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Korea is a country of hard workers and heavy drinkers. According to the Organisation for Economic Cooperation and Development (OECD), people there work 50% longer hours, and according to the World Health Organization (WHO), 25% more alcohol is consumed there per adult than in the Netherlands. Indeed, there's an interdependency there: no sooner is their long office day over, Koreans start overindulging in the traditional soju (rice wine) over dinner with clients and colleagues, and later drink excessive amounts of whiskey and cognac at a night club.
Korea suffers from an inferiority complex: the country is constantly engaged in an economic and/or political struggle to keep up with its bigger neighbors, Japan and China. At the same time, threatening neighbor North Korea is a source of constant tension. When can this situation be expected to escalate out of control? And what will this mean for life in South Korea? Working hard and drinking harder seem to be the way to cope with this uncertainty.
In the long run, the Korean stock market, assessed on the basis of the local KOSPI Index, realizes fairly normal annual returns of some 9% in won terms, and 7-8% in hard currency. However, the country stands out because of what is known as the 'Korea discount'. Valuations in the market are invariably low. Compared to regional markets, this discount amounts to some 20-30%, and against the global average, about 30%. Why is this?
Korean investors can be considered rather manic. Their instinct is to forage the market in herds in search of attractive tidbits. Popular stocks can rise in price very rapidly, only to fall just as sharply when something new is found. Moreover, Korean investors often do the opposite to investors from other countries. In recent years, domestic investors have tended to back the selling side, while investors from other countries, in contrast, have been inclined to expand their positions. These foreign investors, myself included, recognize the considerable value of Korean equities and therefore want to buy them. In contrast, local investors, registering insufficient growth, sell their stock. This is because Koreans have an unhealthy growth fixation in an economy where such growth - in light of the demographic conditions and economic developments - is hardly easy to achieve any more.
When I recently put the notion to a group of Koreans that they could also run their businesses with less focus on growth and more attention for shareholders, they were amazed. Stop growing? How would that work? They have been persuaded from an early age that only growth can lead to bliss. Hence their dreadfully long days in the office. Plenty of drink at the end of the day then provides at least a little joy. We wouldn't want to live that way, but in Korea this is stark reality!
At company level, the growth virus leads to an unhealthy tendency to reinvest or hoard the profits. Even if the balance sheets of the chaebol (large business conglomerates) show ample quantities of liquidity, they do not ensure high dividends. The biggest Korean company, Samsung Electronics, is a good example. Cash currently represents almost 30% of its market capitalization, but dividend returns barely reach 1%. Korea is persistently at the bottom of the ranking list of international pay-out ratios (dividend payment as a percentage of earnings). While the global average is 44%, Korea pays out 14%. Even in Japan, where traditionally there is some reluctance to pay dividends, this ratio now stands at 30%.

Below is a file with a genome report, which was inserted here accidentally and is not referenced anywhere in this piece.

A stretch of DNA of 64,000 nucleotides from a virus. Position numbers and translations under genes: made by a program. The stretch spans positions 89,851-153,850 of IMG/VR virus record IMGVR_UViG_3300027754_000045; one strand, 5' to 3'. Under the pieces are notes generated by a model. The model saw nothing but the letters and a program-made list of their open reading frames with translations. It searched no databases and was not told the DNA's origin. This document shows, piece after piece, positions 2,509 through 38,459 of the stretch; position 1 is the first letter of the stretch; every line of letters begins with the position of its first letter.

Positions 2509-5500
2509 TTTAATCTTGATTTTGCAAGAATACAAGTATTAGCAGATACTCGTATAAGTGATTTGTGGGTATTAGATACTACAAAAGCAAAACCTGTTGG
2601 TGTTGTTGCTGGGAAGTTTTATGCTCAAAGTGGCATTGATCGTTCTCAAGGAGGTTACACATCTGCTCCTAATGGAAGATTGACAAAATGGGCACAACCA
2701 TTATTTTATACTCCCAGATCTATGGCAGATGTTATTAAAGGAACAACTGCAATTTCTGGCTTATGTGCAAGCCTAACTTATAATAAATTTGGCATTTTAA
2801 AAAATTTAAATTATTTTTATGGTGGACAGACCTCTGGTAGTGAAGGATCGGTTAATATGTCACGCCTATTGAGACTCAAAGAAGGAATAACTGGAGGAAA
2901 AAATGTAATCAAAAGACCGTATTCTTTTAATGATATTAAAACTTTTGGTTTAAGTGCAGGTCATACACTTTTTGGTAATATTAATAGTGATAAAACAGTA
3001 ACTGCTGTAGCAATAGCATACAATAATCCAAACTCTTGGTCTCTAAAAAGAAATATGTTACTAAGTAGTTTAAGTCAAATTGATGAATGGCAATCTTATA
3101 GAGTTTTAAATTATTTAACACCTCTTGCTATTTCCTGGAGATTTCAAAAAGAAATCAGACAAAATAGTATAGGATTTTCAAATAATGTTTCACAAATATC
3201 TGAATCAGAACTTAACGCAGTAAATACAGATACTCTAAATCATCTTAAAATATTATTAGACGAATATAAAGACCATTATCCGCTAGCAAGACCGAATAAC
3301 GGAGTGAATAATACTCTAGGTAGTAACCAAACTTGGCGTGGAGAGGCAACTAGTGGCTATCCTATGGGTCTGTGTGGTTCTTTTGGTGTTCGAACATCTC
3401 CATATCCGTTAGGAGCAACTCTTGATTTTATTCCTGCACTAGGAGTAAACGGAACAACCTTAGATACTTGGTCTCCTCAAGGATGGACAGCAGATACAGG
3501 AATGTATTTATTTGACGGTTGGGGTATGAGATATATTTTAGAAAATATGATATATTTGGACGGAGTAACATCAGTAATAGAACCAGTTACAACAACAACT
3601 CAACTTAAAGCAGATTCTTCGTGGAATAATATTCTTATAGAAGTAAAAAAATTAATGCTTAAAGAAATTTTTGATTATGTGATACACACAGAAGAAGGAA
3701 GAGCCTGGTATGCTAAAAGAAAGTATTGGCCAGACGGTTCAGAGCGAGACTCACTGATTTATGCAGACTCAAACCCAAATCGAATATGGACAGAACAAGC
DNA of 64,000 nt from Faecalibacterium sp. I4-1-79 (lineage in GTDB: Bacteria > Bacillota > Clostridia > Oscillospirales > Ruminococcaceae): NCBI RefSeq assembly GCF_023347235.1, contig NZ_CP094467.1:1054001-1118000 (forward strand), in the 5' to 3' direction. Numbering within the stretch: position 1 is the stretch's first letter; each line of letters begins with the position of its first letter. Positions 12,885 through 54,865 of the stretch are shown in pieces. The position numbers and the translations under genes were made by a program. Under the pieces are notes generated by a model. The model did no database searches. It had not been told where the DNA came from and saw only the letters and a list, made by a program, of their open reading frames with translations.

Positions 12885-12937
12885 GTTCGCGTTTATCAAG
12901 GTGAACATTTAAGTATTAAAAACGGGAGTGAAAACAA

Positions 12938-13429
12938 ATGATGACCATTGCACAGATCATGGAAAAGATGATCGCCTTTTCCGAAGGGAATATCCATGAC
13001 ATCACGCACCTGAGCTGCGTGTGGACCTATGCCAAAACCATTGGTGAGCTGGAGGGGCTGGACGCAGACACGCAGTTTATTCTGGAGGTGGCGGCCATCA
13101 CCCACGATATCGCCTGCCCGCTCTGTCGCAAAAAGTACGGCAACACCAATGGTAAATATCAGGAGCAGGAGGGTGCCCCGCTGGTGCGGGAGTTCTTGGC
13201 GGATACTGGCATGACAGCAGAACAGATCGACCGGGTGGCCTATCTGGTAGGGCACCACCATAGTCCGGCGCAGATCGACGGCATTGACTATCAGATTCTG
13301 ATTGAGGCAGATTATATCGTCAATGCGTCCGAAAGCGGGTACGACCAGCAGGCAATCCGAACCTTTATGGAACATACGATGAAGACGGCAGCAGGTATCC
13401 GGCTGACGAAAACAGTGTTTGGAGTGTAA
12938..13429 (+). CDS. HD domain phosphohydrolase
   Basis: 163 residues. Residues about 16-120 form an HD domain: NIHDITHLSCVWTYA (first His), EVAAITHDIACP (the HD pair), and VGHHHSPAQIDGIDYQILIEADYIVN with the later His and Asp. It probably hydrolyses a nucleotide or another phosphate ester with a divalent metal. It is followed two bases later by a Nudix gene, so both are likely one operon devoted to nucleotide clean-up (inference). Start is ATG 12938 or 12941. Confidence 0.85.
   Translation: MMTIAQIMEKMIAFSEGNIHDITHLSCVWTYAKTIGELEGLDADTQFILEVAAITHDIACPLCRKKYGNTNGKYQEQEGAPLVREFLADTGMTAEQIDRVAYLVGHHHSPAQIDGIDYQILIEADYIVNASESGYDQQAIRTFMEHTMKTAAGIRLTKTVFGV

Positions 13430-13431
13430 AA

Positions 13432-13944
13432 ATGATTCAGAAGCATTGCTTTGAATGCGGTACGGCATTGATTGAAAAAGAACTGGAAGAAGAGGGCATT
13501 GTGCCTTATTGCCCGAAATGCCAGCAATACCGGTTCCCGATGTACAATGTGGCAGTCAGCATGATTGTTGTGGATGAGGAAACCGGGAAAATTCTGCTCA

Finally, Korea is one of the few Asian markets where pension funds carry substantial weight. As a result of strong growth over the last ten years, the National Pension Service (NPS) has now become the fourth-largest pension fund in the world, with assets under management amounting to USD 400 billion. Twenty percent of the capital is invested in the local stock market, giving the fund a stake of 5-10% in most Korean companies. And this is where it becomes interesting: the NPS recently announced that it would promote higher dividends in talks with the companies in which it invests. President Park's government is the first to operate in relative independence from the chaebols. It has awarded the mandate to protect the interests of pension beneficiaries to the NPS. This opens doors for investors from other countries, who own almost 35% of the market and have similarly looked on in frustration for many years at the low dividend flow generated by their Korean portfolio.
In my opinion, this is the key to the Korea discount. Supported by a strong domestic entity, I believe that the chaebols in Korea will slowly rally and come through with higher dividends. The Samsung group is under most pressure, being the biggest and best-known chaebol to have hinted earlier that it intends to focus more attention on the group's so-called corporate governance. Will this put an end to the Korea discount? It's hard to tell, but things are moving in the right direction. We should first focus on the Japanese pay-out ratio. Dividend returns could then easily increase from today's 1.2% to 2.5%. To speak with Obelix: "They're crazy, these Koreans". But I think they will get back to being more normal again soon, and that this will ultimately have a positive effect on the valuations in the Korean stock market.
This column appeared at an earlier date in DFT